Studying La ropa in your classroom? Here’s a free printable dice game from my newest Game Pack in my TpT store. I am working on a series of game packs that teach vocabulary through images. I like to teach and practice vocabulary this way, (more…)
I have been busy updating my look on my TpT store, and just made a new 41-page game pack for learning animals. Here on the blog, I’m making a few pages of that available for free! I love games for introducing vocabulary. This pack includes games for Go Fish, Yo Tengo (beginner’s and intermediate), Old Maid, Concentration, and a board game. One of the sets also doubles as a flashcard set, which can be used for many other activities. (more…)
I am a Johnny-come-lately to the Fall/Winter blog hop for Spanish teachers, but better late than never, right?! There is only one day left, but be sure to check out the sale on TpT! I found some great deals for my interactive notebooks and already used them this week. Use the hashtag #fallwinterspanishsale for some great deals!
Thankfulness is such an important concept for our students. For my older students, I’m planning a “Doy gracias por…” display, where they each include what they’re thankful for. As much as it’s important to remind them to BE thankful, I think exposure to the world around them is a more lasting method. Good books, videos or the news can give us those kind of personal connections and highlight all the things we take for granted. My printable is for younger students and is a mini-book for elementary students to trace, color, and read.
¿Yo Tengo, Quién Tiene? (Groups of 18 or less)
Print, cut out,and laminate the cards. Pass out the cards to students. Any student you choose may begin. The student reads his or her card aloud, naming the object in the picture. The student who has the card asked for by the first student goes next. Simple, but effective!
I have a Zoo Animals games packet available at on my TpT store as well if you are interested in more first-week resources!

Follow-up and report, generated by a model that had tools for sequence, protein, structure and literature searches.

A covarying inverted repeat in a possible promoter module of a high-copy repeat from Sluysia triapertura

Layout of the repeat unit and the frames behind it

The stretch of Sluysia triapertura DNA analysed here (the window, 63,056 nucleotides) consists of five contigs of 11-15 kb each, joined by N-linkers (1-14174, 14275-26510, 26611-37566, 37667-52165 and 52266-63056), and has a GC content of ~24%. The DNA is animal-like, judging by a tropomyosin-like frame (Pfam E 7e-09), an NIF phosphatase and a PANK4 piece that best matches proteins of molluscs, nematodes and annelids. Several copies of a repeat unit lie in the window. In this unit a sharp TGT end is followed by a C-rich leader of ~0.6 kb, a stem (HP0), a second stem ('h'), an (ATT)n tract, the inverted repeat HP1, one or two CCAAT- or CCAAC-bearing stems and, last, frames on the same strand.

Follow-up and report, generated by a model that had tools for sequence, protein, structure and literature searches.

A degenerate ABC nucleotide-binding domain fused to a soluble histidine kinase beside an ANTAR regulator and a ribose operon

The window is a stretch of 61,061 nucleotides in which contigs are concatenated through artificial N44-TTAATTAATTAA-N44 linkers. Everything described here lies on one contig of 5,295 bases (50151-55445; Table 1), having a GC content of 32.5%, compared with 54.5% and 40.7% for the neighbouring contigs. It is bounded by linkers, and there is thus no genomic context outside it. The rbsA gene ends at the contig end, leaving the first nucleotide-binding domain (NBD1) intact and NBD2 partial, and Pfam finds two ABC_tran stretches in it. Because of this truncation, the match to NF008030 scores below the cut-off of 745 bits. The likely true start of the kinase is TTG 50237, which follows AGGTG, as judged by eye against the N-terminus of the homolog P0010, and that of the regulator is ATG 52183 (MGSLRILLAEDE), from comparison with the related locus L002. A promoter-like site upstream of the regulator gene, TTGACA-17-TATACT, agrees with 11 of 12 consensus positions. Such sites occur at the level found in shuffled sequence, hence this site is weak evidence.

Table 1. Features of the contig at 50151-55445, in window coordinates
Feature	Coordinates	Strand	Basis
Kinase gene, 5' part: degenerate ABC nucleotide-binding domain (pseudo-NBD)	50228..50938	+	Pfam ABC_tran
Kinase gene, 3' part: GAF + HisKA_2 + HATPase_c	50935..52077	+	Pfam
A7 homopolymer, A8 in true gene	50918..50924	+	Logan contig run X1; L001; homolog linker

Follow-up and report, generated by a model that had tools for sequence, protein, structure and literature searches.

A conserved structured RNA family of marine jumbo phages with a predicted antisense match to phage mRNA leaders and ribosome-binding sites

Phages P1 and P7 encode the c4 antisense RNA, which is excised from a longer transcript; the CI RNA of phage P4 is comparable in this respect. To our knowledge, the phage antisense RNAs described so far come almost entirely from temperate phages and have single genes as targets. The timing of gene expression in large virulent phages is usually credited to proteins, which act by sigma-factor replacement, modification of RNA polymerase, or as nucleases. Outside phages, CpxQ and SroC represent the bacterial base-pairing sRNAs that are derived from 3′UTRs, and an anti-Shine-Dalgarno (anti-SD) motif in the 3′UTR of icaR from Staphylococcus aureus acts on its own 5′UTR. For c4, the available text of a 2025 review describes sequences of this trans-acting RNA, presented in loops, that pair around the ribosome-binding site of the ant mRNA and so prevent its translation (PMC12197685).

Quickly conjugating verbs is one of the main components to learning Spanish, but it can get boring to a restless group of teenagers. My favorite way to do this, and make it fun, is through Battelship Verbs. When we play this in class (which is often), the students are engaged and on-task the whole time, and they love it. They have been known to take a game to lunch just to finish it. Battleship is also my go-to when I have to quickly leave plans for a substitute teacher who doesn’t speak Spanish. It works for groups, two against two, or when you are tutoring one-on-one and play teacher against student. You can practice whichever tense and verbs you may be working on.
Each team gets a board and fill in their ships vertically and/or horizontally in the top section (the ships may touch each other but shouldn’t cross) . They must try to fill in the opposing team’s side and record their hits and misses on the bottom section. To guess certain squares, the team conjugates the verb for that square and the opposing teams responds with “agua,” “tocado,” or “hundido.”
Here are several printables. The blank ones include a game that uses vosotros, and one that does not:
This one is for practicing regular verbs (can be adapted for any tense):
And this one is for practicing irregular preterit verbs: